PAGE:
Fighting these trends, and stretching out the process, is the increased competition for jobs and research grants; in fields like English where faculty vacancies are scarce, students realize they must come up with original, significant topics. Nevertheless, education researchers like Barbara E. Lovitts, who has written a new book urging professors to clarify what they expect in dissertations; for example, to point out that professors “view the dissertation as a training exercise” and that students should stop trying for “a degree of perfection that’s unnecessary and unobtainable.”
There are probably few universities that nudge students out the door as rapidly as Princeton, where a humanities student now averages 6.4 years compared with 7.5 in 2003. That is largely because Princeton guarantees financial support for its 330 scholars for five years, including free tuition and stipends that range up to $30,000 a year. That means students need teach no more than two courses during their schooling and can focus on research.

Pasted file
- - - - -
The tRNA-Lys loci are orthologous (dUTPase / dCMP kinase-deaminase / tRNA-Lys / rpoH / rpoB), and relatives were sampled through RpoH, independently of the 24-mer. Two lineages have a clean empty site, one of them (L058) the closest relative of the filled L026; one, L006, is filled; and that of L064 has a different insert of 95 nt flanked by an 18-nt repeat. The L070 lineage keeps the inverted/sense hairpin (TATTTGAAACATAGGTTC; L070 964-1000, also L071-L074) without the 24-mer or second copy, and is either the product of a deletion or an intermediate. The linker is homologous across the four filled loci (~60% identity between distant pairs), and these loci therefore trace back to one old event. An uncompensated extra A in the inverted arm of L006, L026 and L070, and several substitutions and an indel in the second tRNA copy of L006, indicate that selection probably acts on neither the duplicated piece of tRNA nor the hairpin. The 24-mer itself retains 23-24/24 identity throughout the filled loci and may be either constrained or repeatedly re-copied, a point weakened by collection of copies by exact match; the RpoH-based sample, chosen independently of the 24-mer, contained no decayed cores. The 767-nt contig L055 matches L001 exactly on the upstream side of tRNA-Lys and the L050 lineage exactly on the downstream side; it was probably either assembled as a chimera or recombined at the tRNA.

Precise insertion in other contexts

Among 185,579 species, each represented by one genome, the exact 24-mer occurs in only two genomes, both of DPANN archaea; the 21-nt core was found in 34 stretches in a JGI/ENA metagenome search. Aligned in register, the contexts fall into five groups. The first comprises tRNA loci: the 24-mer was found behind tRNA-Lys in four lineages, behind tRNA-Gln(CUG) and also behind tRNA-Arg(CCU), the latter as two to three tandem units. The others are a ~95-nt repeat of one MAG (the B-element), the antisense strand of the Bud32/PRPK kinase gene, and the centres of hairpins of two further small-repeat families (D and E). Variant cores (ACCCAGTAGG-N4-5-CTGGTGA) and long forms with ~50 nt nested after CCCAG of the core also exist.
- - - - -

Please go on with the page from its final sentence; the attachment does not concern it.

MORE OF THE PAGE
“Princeton since the 1930s has felt that a Ph.D. should be an education, not a career, and has valued a tight program,” said William B. Russel, dean of the graduate school.
And students are grateful. “Every morning I wake up and remind myself the university is paying me to do nothing but write the dissertation,” said Kellam Conover, 26, a classicist who expects to complete his course of study in five years next May when he finishes his dissertation on bribery in Athens. “It’s a tremendous advantage compared to having to work during the day and complete the dissertation part time.”
But fewer than a dozen universities have endowments or sources of financing large enough to afford five-year packages. The rest require students to teach regularly. Compare Princetonians with Brian Gatten, 28, an English scholar at the University of Texas in Austin. He has either been teaching or assisting in two courses every semester for five years.
“Universities need us as cheap labor to teach their undergraduates, and frankly we need to be needed because there isn’t another way for us to fund our education,” he said.